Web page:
We were soon greeted by a specialist nurse at Eleanor’s recovery bedside, she told us she would be taking us to the ward where we would be staying and that we would be visited the following day by a neurosurgeon who would be able to give us more information. At this point we had no idea how long we would be staying and all I could think was that I didn’t have any pyjamas to sleep in, like THAT was suddenly important, it is incredible what rubbish comes in to your mind at times of panic! The specialist nurse showed us to the ward and over to what was to be Eleanor’s bed, passing the parents kitchen she told me there was a shared fridge where we could keep our food. I remember holding Eleanor tight in my arms and wanting to scream at the top of my lungs. I didn’t want to know about this parents kitchen or the play room or the times that meals are provided. I did not want to be there, I just wanted to go home and take my baby girl with me. Eleanor was in full spirits and within minutes she was entertaining the ward doing her best XFactor auditions. Tim stayed for as long as he could, he spent a small fortune on snacks in the Marks & Spencer and then left with a list of things he needed to bring for the days ahead. I hated watching him leave, it felt barbaric for them to separate us after such devastating news. I didn’t sleep that night, I lay there in my clothes on a hard leather chair/bed staring at my little girl, crying so hard it gave me a headache, praying and praying that they had made a mistake and this was all one big misunderstanding. At one point I got up and sat in the empty bay window and stared out over London, wondering how many other parents were doing exactly as I was at that moment. It was so surreal, like a movie, except it wasn’t a movie. It was happening and I had never been so scared in my life.
The next day came and when Tim arrived in the morning with my Mum I was so grateful to see them (and for my clean clothes, underwear and makeup remover!) we passed the morning with a little walk around the ward and battling with Eleanor to take her medicine. I was lying on the bed with her at one point snoozing when an important looking man in a suit came over to the bed. We were expecting to be meeting a consultant neurosurgeon so when this man introduced himself as a consultant oncologist I was confused, an oncologist!? A cancer doctor!? Cancer didn’t even enter my thoughts when we were told there was something in Eleanor’s head. Why was a cancer doctor coming to see us!?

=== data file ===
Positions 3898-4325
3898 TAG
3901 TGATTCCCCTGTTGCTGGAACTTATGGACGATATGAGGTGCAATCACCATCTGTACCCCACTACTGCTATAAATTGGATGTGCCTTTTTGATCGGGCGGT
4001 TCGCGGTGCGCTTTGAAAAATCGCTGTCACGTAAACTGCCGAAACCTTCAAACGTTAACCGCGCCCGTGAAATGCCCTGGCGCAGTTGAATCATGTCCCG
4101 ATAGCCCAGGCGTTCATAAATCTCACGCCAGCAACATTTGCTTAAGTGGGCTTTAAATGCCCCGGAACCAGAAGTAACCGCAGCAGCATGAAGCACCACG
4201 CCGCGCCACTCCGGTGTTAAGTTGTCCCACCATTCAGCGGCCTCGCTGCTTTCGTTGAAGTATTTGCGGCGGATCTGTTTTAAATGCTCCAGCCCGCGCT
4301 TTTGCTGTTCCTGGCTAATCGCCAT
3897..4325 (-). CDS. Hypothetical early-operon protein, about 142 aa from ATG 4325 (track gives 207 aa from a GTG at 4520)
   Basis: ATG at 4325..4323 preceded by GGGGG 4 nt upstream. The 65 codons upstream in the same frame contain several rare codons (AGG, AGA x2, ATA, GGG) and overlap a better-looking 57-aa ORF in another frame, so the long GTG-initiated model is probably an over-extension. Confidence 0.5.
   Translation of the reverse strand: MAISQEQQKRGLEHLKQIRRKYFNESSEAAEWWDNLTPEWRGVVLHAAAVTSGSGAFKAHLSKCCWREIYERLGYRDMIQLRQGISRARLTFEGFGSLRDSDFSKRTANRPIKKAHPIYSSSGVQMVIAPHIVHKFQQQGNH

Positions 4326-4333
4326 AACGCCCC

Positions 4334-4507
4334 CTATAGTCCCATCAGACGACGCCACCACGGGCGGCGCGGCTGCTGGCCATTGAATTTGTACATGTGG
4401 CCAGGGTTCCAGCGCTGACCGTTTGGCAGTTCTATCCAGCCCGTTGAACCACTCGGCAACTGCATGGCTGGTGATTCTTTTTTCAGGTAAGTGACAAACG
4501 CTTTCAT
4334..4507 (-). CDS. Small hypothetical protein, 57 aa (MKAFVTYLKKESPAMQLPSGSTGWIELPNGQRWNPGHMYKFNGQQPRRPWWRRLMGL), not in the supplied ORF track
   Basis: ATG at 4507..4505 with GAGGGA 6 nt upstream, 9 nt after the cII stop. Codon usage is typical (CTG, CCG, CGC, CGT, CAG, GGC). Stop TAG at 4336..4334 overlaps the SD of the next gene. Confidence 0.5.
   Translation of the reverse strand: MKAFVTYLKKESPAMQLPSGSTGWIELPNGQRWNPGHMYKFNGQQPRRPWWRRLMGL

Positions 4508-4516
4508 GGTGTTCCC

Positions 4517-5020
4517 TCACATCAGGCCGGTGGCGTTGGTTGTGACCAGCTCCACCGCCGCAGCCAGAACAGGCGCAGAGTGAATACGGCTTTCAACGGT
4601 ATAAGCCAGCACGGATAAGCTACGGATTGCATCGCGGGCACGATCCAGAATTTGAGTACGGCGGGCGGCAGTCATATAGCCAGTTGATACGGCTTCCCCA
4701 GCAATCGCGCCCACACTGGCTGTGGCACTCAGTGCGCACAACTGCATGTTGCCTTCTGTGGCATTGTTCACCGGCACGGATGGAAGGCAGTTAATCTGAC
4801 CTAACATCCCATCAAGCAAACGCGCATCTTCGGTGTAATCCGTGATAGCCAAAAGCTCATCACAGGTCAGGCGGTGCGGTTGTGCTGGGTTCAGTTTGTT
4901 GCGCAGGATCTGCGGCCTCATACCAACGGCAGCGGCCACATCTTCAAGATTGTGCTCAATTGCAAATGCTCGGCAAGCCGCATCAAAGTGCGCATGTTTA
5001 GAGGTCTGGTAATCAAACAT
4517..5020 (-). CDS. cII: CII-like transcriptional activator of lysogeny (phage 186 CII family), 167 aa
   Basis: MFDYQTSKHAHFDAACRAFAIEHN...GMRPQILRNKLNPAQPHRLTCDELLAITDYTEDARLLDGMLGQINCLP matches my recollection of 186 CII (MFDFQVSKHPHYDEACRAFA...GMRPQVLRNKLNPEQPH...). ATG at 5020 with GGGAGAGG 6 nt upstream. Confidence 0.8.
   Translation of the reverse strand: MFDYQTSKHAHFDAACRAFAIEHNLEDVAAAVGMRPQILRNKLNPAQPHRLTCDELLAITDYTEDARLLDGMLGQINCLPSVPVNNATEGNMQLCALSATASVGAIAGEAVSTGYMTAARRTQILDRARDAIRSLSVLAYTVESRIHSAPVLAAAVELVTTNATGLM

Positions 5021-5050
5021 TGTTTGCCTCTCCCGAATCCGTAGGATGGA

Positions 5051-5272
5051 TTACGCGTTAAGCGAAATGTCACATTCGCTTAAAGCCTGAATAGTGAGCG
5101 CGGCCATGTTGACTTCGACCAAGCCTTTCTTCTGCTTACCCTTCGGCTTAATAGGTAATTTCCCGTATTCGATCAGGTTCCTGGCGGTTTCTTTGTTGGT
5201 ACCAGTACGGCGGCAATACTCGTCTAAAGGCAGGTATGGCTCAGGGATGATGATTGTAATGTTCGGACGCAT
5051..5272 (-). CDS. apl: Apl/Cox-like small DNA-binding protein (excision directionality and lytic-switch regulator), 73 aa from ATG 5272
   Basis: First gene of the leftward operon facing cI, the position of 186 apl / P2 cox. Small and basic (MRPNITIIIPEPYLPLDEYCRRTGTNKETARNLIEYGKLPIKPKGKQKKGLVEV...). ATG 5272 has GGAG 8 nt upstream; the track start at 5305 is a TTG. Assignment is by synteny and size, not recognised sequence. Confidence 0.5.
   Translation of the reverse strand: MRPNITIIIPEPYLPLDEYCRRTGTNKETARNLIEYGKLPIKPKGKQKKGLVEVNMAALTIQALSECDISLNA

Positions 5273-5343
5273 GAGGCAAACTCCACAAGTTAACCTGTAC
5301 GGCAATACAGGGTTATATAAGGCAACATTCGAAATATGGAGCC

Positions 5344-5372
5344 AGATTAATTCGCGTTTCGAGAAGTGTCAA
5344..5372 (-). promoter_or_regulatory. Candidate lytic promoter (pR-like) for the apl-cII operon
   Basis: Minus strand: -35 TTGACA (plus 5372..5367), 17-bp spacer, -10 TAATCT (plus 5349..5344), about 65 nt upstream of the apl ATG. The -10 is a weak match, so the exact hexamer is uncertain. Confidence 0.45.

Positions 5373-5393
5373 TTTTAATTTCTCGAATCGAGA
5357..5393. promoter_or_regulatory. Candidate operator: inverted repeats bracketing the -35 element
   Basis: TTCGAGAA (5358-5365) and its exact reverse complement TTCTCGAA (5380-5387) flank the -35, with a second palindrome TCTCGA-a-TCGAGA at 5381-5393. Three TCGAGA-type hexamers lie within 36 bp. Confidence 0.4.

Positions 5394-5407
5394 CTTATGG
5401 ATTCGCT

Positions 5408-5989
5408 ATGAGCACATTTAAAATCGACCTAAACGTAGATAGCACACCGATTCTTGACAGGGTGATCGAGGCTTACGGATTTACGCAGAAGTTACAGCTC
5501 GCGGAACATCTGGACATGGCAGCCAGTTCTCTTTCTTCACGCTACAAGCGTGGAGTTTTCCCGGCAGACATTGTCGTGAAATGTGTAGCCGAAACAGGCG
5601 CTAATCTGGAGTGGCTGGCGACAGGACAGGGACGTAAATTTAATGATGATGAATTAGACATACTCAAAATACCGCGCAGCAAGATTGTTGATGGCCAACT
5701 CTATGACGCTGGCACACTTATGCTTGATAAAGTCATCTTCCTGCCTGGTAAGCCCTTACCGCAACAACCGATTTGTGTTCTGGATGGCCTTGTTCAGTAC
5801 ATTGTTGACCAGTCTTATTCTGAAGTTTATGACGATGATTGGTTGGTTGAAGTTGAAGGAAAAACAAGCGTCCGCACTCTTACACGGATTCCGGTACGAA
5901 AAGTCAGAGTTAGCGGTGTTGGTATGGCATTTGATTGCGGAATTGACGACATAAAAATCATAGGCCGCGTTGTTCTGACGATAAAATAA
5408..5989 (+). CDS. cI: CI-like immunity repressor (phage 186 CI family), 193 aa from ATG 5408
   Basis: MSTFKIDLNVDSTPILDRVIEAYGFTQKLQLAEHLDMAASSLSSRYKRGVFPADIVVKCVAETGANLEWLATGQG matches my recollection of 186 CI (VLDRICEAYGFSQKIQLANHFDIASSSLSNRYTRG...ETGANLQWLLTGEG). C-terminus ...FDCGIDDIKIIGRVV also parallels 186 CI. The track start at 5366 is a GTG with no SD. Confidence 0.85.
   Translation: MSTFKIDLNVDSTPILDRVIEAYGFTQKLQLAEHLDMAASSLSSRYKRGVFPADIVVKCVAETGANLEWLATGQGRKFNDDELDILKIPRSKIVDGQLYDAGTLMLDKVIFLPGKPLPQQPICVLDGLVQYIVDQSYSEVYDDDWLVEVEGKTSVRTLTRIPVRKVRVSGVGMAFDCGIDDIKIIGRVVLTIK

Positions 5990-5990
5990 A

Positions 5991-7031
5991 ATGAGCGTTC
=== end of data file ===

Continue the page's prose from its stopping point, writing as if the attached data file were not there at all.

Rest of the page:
The doctor took us to a room where he sat with us and explained what they had found in Eleanor’s head. The magic name for Eleanor’s tumour is a ‘Hypothalamic Glioma’ or ‘Pilocytic Astrocytoma’. The tumour has also invaded the Optic Chiasm which is why her vision has been affected. We were told surgery would be avoided at all costs due to the location of the tumour. The Hypothalamus is deep inside the brain and any surgery, even a biopsy could cause more damage than good. The doctor explained that this type of tumour is usually benign (low grade I or II) but it will be treated with chemotherapy regardless. Chemotherapy, another cancer word. That word evokes images of balding children, with tubes everywhere fighting terrible illnesses. I was terrified. I started to get upset about her losing her hair, another stupid, and in the grand scheme of things, pretty insignificant thought.
We were told Eleanor would need to have a portacath fitted on her chest under her skin so they could start chemotherapy as soon as possible.
That night we were discharged and allowed to go home for a week and that the next step would be an operation to fit the portacath. Eleanor and my Mum skipped out of the hospital that night laughing and giggling that they were escaping, it made me feel sick to my stomach that hospitals would very soon be a much larger part of our lives than I had ever imagined.